Study Determines More Research is Needed Regarding the Effect of Body Weight on Juvenile Idiopathic Arthritis

The Study

Juvenile idiopathic arthritis (JIA) is a rare disease that causes inflammation in the joints. It is of unknown origin and has no cure.

Previous investigations in studies with rheumatoid arthritis (another inflammatory disease) have indicated that overweight patients typically have worse disease progression and a poorer response to treatment. In general, we know that excess weight can pose mechanical stress on even an otherwise healthy individual. Additionally, we know that inflammatory molecules can be released by fat tissue.

However, until now, there hasn’t been a study specifically investigating the effect of body weight in JIA.

A new study published in Frontiers in Pharmacology has suggested that their may be a correlation between body weight and JIA disease course. General findings included-

  • Overweight/obese patients were more likely to experience inflammation in their lower limb joints.
  • Higher body weight could have a negative effect on patient’s response to JIA treatment
  • Higher body weight could have a negative effect on JIA disease course
  • Being overweight may also exacerbate symptoms of other inflammatory diseases

The research team analyzed the records of JIA patients treated at Meyer Children’s Hospital in Italy. 110 records were reviewed in total. 80 of the patients had a BMI in-between the 5th and 85th percentile (a healthy weight). 30 of the patients had a BMI over the 85th percentile (an overweight or obese weight).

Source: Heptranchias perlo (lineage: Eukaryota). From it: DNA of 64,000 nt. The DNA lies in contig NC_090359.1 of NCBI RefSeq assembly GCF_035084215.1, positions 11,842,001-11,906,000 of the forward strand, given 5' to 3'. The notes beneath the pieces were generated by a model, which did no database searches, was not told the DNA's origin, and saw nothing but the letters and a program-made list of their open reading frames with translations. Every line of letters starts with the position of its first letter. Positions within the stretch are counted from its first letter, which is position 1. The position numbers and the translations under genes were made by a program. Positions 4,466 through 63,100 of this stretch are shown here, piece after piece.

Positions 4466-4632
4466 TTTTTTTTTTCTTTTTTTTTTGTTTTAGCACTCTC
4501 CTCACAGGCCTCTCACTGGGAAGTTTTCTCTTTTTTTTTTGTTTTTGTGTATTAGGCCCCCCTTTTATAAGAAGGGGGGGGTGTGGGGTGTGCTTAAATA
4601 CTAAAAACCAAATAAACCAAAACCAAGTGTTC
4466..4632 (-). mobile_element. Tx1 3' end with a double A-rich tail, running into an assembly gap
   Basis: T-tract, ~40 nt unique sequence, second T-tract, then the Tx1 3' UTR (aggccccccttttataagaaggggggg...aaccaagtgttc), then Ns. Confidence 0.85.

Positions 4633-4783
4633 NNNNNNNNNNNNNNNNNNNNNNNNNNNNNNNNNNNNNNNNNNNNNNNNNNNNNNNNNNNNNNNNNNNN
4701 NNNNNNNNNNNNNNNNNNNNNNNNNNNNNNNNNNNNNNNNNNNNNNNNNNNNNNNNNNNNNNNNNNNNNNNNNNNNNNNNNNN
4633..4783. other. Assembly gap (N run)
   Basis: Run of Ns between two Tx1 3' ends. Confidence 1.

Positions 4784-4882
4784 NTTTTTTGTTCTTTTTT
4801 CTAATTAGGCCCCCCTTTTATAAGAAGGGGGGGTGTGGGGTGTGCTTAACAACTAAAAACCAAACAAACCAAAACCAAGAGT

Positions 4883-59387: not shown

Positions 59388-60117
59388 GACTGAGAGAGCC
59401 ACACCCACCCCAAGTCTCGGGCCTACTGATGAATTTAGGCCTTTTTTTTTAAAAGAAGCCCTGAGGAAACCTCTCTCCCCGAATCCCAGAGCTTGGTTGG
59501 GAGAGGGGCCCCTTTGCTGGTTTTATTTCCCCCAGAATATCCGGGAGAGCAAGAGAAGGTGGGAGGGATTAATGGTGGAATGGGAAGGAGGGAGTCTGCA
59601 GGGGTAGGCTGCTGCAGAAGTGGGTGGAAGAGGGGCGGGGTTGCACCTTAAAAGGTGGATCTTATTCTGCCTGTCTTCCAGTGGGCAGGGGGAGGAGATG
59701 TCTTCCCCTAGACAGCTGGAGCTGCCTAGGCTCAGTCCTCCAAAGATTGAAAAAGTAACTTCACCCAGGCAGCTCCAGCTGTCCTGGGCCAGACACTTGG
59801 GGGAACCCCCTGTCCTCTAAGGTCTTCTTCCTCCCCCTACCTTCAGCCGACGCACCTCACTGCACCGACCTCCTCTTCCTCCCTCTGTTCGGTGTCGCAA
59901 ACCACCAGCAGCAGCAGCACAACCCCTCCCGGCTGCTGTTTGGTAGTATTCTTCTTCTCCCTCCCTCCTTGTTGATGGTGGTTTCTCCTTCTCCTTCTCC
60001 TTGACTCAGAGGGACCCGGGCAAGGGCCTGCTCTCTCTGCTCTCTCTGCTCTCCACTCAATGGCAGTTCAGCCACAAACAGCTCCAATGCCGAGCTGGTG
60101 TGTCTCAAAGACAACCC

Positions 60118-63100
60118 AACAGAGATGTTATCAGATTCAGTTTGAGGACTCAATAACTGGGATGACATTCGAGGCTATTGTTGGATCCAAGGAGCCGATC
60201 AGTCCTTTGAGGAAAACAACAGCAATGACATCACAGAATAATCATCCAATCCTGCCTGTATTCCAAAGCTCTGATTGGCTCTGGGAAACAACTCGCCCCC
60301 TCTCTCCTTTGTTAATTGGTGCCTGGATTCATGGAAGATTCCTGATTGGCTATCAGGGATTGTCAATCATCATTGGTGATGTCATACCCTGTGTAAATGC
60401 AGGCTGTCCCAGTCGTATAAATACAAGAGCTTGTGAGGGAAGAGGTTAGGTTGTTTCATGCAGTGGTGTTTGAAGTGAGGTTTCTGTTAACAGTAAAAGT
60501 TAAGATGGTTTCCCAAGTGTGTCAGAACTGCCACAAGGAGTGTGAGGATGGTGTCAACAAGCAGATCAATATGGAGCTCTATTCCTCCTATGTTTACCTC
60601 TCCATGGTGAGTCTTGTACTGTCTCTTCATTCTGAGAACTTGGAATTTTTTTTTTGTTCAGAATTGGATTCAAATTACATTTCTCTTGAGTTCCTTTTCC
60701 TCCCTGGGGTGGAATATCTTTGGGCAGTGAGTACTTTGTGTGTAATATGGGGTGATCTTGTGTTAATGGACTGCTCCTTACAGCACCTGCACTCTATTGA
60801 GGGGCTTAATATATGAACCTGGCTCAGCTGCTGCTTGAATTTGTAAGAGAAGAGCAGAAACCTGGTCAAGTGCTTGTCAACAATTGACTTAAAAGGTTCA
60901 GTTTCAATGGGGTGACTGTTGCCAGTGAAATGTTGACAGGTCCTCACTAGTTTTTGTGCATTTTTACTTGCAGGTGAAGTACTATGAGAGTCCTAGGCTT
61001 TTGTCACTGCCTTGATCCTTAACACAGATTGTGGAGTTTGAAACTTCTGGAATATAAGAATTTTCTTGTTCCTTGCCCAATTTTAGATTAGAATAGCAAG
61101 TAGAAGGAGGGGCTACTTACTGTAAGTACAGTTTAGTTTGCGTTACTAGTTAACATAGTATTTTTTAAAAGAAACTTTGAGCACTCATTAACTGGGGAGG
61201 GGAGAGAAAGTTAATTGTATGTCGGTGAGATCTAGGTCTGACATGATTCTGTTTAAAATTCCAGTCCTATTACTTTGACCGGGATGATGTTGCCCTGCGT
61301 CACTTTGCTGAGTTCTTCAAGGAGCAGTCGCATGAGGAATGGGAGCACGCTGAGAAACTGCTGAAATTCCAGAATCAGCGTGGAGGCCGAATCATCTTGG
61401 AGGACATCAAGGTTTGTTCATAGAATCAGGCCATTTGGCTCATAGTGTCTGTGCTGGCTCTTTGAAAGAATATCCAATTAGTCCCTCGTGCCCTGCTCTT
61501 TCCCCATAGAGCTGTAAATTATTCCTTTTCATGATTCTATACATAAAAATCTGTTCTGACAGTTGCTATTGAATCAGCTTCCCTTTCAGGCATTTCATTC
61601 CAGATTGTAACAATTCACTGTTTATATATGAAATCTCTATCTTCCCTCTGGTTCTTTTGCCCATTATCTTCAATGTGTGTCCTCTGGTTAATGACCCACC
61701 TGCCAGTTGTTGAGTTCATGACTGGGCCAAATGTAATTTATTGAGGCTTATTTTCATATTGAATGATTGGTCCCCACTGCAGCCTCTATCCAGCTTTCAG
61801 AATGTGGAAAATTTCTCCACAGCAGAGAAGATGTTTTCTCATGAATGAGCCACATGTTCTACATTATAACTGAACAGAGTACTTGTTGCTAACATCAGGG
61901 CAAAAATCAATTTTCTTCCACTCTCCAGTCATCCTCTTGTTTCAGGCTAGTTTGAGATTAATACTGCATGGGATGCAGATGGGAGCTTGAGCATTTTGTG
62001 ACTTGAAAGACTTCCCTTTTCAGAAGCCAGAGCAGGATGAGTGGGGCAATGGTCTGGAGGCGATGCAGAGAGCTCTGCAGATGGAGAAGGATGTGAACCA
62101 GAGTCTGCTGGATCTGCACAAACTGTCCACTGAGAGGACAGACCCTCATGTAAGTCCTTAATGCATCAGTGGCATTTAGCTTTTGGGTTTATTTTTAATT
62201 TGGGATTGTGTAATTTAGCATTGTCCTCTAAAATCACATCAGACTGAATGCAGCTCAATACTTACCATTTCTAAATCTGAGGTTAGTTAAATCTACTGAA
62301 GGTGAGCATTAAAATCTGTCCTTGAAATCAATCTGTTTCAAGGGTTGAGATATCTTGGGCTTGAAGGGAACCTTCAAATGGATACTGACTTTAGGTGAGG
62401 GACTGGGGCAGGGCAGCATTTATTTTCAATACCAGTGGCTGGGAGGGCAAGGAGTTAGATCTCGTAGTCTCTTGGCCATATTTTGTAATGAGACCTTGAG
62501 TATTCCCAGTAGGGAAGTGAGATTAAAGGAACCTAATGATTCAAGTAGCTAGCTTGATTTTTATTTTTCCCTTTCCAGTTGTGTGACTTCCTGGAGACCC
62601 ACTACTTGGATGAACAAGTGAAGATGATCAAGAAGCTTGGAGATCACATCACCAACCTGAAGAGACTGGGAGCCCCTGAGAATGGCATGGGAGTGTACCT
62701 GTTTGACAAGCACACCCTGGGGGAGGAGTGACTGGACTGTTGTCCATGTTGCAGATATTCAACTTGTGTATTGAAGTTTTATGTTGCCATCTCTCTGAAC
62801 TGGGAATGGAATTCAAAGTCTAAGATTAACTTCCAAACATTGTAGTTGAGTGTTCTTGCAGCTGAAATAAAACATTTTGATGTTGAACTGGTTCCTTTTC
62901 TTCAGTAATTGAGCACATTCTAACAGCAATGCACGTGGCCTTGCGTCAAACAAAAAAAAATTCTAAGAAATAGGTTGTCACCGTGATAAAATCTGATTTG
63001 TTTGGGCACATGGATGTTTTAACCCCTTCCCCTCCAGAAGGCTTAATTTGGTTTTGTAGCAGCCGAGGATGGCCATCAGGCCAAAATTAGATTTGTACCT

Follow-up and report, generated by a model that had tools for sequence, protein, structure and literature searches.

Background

Before the patients received treatment, those in the overweight group had a significantly greater amount of inflammation of the joints in their legs. However, levels of C-reactive protein, another measure of inflammation, did not vary significantly between the two groups. Since other levels of inflammation were not significant, the researchers weren’t able to confirm whether or not the observed joint inflammation in the heavier group was just a coincidence.

After the patients received DMARD treatment, 69 of them achieved remission. Of these, 35 individuals later relapsed. However, neither of these evaluations were statistically significant. That said, slightly fewer patients in the overweight group achieved remission and slightly more individuals in the overweight group relapsed.


There is a major issue with this study. The sample size was very small. With such small numbers, its hard to know whether or not the results came by chance or fact. This is especially true because the results were not very dramatic.

However, this research made clear that there is at least a strong possibility of correlation, and hopefully other studies will be initiated based on these findings. With further studies including more patients, results should be more clear.

In the meantime, we can continue to act on the knowledge we already have. For instance, we know from other, large studies, that obesity is not favorable for overall health. Since we already know that staying at a healthy weight is beneficial, it doesn’t hurt to heed the warnings from this study.

You can read more about this investigation and its findings here.

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